Team ALU couldn't wait to get back in the "studio" (aka, boardroom + old MacBook) to record our latest book club discussion, this time for August pick
Shenzheners by Xue Yiwei (Linda Leith Publishing). We talked about the nature of literature in translation, preconceived, North American notions of China, and l-o-v-e in this beautifully-written short story collection. Don't forget to pick up
a copy of our discussion questions for your own book club.
1. The first story of Shenzheners has a tongue-in-cheek reference to the nature of translation: can a translated work ever be true to the original? Do you feel this is true when reading other translated works? When reading Shenzheners?
"Sometimes there're cultural keys or just the way that ideas are phrased differently in different cultures that doesn't quite translate to English in the same way...whether or not it is true to the language depends on what it's trying to communicate...it's probably harder to get a translation instead of an interpretation." –Tan
"I actually love reading translations because I find the language so much more beautiful." –Mandy
"I found this translation really lovely...I feel like I got close to the spirit of the original [text of Shenzheners], whether I did or not, I feel like I did, so it seems successful in that way." –Lauren
2. This is a book devoted to reading and the literary tradition: the author makes several references to other literary works (e.g. James Joyce, Paul Auster, Gertrude Stein, etc). What function(s) do these references serve? Does Shenzheners evoke other literary works for you?
"With the idea of Shenzhen, with a lot of people coming from other places and not being native to Shenzhen, the translated works coming in are almost a piece of that...bringing in great works from all other places of the world, and the folks living there are engaging with them on their own terms...it's an interesting phenomenon through the book that mirrors the fact that you're in a multicultural society that values that people come from other places, and roots to the culture that are not necessarily Chinese." –Tan
"[North Americans] only read 'dead' translations, translations of classics that were written 200 years ago – is this the association that we make with those languages? That they're gone?...It was refreshing just to read about Chinese people, living life in China." –Lauren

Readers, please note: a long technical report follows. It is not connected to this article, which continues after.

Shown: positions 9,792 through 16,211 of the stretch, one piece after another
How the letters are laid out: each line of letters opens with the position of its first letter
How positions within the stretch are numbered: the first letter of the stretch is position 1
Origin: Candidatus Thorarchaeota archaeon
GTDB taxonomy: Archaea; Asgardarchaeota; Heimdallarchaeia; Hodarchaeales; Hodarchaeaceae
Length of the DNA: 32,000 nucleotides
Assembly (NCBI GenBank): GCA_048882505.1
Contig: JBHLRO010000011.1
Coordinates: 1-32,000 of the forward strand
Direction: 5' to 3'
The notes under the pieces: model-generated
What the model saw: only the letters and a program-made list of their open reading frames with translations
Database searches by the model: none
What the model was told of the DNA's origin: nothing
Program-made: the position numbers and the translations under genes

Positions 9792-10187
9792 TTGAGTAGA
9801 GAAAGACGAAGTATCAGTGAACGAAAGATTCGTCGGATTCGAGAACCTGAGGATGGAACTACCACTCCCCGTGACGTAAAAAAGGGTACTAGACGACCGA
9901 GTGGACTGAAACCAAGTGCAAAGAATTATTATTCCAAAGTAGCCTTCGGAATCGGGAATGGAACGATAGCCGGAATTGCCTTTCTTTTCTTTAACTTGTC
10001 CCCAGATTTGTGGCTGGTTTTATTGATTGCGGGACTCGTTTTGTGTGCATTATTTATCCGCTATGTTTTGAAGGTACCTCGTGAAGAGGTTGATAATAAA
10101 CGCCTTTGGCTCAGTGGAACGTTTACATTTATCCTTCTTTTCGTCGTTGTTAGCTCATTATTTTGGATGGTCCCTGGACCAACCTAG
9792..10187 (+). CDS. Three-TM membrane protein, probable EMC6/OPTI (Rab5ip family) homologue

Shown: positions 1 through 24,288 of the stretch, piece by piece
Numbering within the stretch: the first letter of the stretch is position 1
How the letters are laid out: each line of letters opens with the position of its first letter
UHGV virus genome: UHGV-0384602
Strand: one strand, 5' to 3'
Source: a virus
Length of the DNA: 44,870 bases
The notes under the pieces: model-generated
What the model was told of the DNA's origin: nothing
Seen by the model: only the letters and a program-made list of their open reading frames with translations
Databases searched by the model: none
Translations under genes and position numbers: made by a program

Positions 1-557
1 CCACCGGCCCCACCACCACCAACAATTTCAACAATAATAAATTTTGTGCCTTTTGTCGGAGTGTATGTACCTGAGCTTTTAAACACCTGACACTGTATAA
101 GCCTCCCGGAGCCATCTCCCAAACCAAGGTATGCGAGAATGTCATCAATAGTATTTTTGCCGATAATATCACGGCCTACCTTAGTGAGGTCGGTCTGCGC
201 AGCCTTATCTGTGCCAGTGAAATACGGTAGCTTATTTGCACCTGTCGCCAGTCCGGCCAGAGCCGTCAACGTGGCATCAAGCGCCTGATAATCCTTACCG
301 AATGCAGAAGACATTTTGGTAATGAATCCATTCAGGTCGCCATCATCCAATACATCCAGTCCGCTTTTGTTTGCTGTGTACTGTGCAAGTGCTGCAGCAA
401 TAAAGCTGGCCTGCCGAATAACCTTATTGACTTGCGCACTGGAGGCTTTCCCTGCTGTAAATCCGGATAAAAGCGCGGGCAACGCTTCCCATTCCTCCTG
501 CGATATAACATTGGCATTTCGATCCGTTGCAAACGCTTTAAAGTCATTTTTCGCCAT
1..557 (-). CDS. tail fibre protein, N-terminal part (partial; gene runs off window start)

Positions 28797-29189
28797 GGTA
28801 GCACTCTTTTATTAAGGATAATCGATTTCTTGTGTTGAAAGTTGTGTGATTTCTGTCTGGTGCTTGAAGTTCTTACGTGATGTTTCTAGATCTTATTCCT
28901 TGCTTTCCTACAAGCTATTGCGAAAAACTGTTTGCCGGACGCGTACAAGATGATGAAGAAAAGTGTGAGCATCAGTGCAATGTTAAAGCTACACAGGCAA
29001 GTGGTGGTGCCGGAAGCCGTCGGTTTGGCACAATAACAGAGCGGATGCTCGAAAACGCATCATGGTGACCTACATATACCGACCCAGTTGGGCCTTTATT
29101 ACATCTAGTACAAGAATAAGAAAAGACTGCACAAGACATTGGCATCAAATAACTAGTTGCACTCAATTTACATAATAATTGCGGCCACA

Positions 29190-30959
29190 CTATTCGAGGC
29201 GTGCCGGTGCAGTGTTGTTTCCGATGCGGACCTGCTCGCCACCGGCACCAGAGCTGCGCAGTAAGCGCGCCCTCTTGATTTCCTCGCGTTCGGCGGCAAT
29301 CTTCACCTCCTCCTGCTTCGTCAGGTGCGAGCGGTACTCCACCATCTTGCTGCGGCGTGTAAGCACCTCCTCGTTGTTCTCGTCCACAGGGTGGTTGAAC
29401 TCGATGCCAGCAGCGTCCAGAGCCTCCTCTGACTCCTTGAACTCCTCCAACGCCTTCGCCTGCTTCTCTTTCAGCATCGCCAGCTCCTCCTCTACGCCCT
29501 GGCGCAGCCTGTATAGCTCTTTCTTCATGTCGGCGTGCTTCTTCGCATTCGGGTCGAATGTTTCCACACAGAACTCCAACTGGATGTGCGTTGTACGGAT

3. Shenzheners tackles some of the paradoxes of a simultaneous Communist/Capitalist China (especially as it plays out in Shenzhen, a free economic zone). Was it the China you understood, as a Canadian reader? Why or why not?
"It was really the first time that I was exposed to reading about Chinese culture from a Chinese perspective that wasn't trying to explain it to me as a North American, it was just there, and I could just look at it and absorb it and appreciate it." –Tan
"A lot of the characters didn't have names... they were just sort of universal figures." –Mandy
4. In several of the stories, Xue Yiwei evokes the imagery of angel versus devil: sometimes within the same person. What does he mean by this?
"For me I found that most of the angel/devil imagery was associated with romantic and sexual relationships and the devils were always someone who caused the person anguish, either by not loving them or by abusing them within their relationship, whereas the angels were the object of someone's affection or desire...they became demons because they didn't return the affection of that person." –Tan
"The first story was really sad...when you find out why he hasn't been returning her emails. Up until that point, he's kind of the devil, if you want to look at that dichotomy there." –Mandy
"A stereotype of East Asian people is that they're very reserved and hold their emotions really close to the chest...it was really refreshing in this book to see how much yearning these characters had and how expressive they were with their emotions...and using words as powerful as 'angel' and 'devil' in an unironic way to express how someone is affecting them." –Lauren
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